The Ha’ikū Stairs, also known as the Stairway to Heaven or Ha’ikū Ladder, is a steep hiking trail in Kaneohe, Hawaii, on the island of O’ahu. The trail began as a wooden ladder spiked to the cliff on the south side of the Ha’ikū Valley.
The trail started as a wooden ladder spiked to the cliff on the south side of the Haʻikū Valley. It was established in 1942 to enable antenna cables to be strung from one side of the cliffs above Ha’ikū Valley to the other.
A building to provide a continuous communication link between Wahiawā and Ha’ikū Valley Naval Radio Station was constructed at the peak of Puʻukeahiakahoe, an elevation of about 2,800 feet. The antennae transmitted very low-frequency radio signals from a 200,000-watt Alexanderson alternator in the center of Ha’ikū valley.
The signals could reach US Navy submarines as far away as Tokyo Bay while the submarines were submerged. Testers for RCA picked up signals on Long Island, and the signal also reached India, 10,600 kilometers away.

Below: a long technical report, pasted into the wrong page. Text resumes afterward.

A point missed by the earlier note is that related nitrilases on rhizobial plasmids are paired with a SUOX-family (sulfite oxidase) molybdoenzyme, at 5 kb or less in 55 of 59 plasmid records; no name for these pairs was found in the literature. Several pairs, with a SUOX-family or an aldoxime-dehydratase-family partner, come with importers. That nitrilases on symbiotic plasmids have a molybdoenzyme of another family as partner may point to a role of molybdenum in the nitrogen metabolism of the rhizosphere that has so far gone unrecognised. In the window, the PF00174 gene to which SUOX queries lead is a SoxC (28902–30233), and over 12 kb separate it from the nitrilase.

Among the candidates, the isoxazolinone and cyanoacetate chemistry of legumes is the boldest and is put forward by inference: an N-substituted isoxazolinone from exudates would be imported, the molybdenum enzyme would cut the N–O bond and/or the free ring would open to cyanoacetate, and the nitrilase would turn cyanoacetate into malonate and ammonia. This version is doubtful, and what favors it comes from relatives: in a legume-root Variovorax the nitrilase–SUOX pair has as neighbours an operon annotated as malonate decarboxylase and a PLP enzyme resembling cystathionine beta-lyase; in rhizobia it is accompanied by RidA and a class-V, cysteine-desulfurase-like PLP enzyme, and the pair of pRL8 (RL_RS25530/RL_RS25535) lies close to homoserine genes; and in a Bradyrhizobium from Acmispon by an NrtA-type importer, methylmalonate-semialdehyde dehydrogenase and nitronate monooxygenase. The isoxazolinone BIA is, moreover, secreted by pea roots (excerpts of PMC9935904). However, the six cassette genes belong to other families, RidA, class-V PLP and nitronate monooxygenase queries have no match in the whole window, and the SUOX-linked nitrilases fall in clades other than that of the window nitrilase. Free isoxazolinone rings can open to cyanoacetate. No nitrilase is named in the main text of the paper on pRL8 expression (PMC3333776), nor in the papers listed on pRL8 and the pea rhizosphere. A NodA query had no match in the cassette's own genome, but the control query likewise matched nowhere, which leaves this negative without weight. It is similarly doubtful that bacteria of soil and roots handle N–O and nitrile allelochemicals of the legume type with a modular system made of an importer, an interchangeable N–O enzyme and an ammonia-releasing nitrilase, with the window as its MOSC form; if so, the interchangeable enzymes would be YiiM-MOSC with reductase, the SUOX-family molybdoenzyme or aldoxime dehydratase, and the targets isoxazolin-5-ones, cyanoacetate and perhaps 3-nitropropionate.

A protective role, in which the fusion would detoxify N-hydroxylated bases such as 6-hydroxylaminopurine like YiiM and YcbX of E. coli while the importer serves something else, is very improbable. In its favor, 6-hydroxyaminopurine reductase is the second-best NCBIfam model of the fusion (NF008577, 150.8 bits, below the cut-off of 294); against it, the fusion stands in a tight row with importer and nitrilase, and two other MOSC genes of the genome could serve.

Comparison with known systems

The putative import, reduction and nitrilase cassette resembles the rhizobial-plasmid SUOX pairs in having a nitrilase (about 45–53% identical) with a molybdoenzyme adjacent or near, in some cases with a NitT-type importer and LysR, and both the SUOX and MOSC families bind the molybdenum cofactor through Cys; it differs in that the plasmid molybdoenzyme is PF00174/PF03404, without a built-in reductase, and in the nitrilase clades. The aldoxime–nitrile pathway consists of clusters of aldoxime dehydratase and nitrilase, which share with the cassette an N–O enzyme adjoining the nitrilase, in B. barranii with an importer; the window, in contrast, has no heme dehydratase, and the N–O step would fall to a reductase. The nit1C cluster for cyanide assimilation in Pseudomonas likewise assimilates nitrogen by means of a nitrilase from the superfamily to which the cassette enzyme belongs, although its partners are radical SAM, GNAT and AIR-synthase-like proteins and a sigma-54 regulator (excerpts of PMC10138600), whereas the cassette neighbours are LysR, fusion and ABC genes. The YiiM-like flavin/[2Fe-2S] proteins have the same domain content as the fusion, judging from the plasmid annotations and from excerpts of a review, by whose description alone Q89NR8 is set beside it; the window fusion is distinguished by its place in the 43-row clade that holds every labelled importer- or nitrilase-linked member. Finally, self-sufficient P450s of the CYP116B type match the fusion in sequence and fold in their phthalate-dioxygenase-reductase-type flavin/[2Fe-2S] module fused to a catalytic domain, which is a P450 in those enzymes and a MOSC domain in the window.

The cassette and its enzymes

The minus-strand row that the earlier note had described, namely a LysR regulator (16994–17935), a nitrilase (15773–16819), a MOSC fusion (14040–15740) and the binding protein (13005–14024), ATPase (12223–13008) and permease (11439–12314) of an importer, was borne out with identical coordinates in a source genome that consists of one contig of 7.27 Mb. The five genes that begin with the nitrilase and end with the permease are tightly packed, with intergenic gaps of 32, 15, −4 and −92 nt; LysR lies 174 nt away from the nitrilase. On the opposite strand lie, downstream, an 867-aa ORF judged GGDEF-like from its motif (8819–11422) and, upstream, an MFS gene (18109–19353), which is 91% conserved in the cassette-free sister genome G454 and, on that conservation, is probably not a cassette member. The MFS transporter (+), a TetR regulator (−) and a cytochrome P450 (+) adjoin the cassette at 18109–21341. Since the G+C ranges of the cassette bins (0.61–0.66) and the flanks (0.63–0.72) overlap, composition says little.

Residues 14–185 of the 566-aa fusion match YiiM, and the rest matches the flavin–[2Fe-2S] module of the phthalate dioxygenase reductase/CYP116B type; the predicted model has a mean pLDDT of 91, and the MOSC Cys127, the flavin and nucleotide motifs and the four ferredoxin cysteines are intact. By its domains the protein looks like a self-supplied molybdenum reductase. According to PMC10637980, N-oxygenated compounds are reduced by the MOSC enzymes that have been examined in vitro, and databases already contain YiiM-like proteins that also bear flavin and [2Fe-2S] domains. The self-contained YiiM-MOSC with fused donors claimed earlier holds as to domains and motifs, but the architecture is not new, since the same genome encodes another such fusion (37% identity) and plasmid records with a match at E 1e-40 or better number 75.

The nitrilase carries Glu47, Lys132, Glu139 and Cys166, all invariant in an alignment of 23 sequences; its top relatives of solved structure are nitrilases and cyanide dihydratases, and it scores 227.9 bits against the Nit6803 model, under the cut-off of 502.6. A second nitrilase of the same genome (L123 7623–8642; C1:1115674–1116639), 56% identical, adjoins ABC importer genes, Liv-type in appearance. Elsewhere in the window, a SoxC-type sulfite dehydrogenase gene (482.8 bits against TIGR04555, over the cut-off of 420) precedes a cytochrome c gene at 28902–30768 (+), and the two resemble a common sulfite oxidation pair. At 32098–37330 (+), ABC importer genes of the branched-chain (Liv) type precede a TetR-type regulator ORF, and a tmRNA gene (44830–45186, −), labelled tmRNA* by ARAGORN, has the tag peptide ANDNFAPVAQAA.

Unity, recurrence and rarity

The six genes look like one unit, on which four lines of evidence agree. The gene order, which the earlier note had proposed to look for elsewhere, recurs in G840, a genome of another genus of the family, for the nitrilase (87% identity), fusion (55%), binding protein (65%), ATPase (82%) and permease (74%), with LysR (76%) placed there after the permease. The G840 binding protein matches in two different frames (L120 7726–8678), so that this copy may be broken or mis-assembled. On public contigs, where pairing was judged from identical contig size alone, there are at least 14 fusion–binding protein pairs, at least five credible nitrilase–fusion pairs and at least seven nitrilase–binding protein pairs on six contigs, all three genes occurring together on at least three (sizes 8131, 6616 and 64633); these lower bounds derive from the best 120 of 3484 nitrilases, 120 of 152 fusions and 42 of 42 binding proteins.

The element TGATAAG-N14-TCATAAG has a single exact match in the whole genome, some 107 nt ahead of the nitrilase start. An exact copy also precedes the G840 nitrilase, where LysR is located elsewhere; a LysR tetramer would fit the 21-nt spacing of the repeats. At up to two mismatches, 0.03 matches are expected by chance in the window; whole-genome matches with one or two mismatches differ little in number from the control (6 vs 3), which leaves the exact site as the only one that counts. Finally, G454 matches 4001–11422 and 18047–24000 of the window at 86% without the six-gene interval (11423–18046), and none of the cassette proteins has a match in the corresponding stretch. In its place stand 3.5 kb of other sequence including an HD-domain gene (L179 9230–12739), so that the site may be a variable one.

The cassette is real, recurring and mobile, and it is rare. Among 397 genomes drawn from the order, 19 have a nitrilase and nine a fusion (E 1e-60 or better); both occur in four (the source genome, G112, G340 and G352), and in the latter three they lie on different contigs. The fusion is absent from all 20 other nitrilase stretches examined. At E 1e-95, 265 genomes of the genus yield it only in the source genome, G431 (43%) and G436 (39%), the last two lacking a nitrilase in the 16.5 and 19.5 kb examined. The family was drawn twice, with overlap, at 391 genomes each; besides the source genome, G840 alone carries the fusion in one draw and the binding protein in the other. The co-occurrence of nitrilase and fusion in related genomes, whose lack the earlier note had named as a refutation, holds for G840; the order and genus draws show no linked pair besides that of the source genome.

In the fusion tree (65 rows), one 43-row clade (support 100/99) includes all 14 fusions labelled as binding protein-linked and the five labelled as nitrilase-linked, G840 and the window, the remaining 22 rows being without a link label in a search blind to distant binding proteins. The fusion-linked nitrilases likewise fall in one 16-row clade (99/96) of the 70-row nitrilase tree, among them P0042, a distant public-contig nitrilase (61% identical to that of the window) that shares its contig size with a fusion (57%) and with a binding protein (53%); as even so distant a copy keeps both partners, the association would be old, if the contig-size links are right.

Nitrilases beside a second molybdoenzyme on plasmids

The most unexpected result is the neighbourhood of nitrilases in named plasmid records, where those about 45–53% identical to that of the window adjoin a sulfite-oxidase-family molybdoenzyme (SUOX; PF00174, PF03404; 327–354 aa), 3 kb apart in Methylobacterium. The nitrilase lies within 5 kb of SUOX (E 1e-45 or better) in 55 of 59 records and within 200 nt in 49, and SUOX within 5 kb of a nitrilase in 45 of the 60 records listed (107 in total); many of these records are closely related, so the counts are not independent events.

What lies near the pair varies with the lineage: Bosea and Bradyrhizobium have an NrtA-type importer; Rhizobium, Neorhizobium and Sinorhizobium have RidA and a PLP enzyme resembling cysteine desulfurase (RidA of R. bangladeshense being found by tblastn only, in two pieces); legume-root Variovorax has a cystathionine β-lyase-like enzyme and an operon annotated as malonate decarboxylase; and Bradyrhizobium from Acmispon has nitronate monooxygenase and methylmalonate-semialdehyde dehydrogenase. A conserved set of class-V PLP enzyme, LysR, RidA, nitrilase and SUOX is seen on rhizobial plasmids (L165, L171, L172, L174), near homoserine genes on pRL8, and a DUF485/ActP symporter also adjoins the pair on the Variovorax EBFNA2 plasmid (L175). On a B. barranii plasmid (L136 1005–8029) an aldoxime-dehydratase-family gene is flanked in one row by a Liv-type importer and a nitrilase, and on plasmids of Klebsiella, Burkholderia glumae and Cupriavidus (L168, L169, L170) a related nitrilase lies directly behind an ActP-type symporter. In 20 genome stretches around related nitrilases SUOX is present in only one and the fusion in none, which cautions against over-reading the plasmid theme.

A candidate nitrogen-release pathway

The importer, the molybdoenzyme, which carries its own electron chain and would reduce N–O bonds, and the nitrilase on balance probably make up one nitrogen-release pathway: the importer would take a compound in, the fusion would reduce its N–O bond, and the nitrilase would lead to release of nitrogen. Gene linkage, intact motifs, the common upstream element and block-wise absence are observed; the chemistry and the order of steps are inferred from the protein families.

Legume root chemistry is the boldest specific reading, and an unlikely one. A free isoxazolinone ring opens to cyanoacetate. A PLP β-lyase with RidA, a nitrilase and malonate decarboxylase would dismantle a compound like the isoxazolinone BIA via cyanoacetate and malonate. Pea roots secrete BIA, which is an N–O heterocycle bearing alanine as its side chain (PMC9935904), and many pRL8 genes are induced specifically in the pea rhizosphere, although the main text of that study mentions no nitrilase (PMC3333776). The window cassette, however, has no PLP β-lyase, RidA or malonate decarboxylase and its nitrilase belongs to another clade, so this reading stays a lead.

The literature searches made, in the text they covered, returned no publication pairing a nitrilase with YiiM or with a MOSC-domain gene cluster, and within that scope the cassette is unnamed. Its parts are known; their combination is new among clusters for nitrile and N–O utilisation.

When the Naval base was decommissioned in the 1950s, the USA Coast Guard used the site for an Omega Navigation System station. In the mid-1950s, the wooden stairs were replaced by sections of metal steps and ramps by one count, 3,922 steps. In 1987, The station and trail were closed to the public.
A few hikers pay no attention to the No Trespassing signs and continue to climb, contributing to the local community’s misgivings about reopening the structure. In 2003, the stairs were well repaired, costing the city $875,000. In early 2012, land usage rights issues have not been resolved, and the City and County of Honolulu confirmed that there is presently no plan to open the stairs for public use, citing liability concerns.
Views from the Top
Coastline from Ahuimanu to Kualoa
Haiku Valley to Mokapu & Ulupau Head Kaneohe, Oneawa, Lanikai, Kailua, Keolu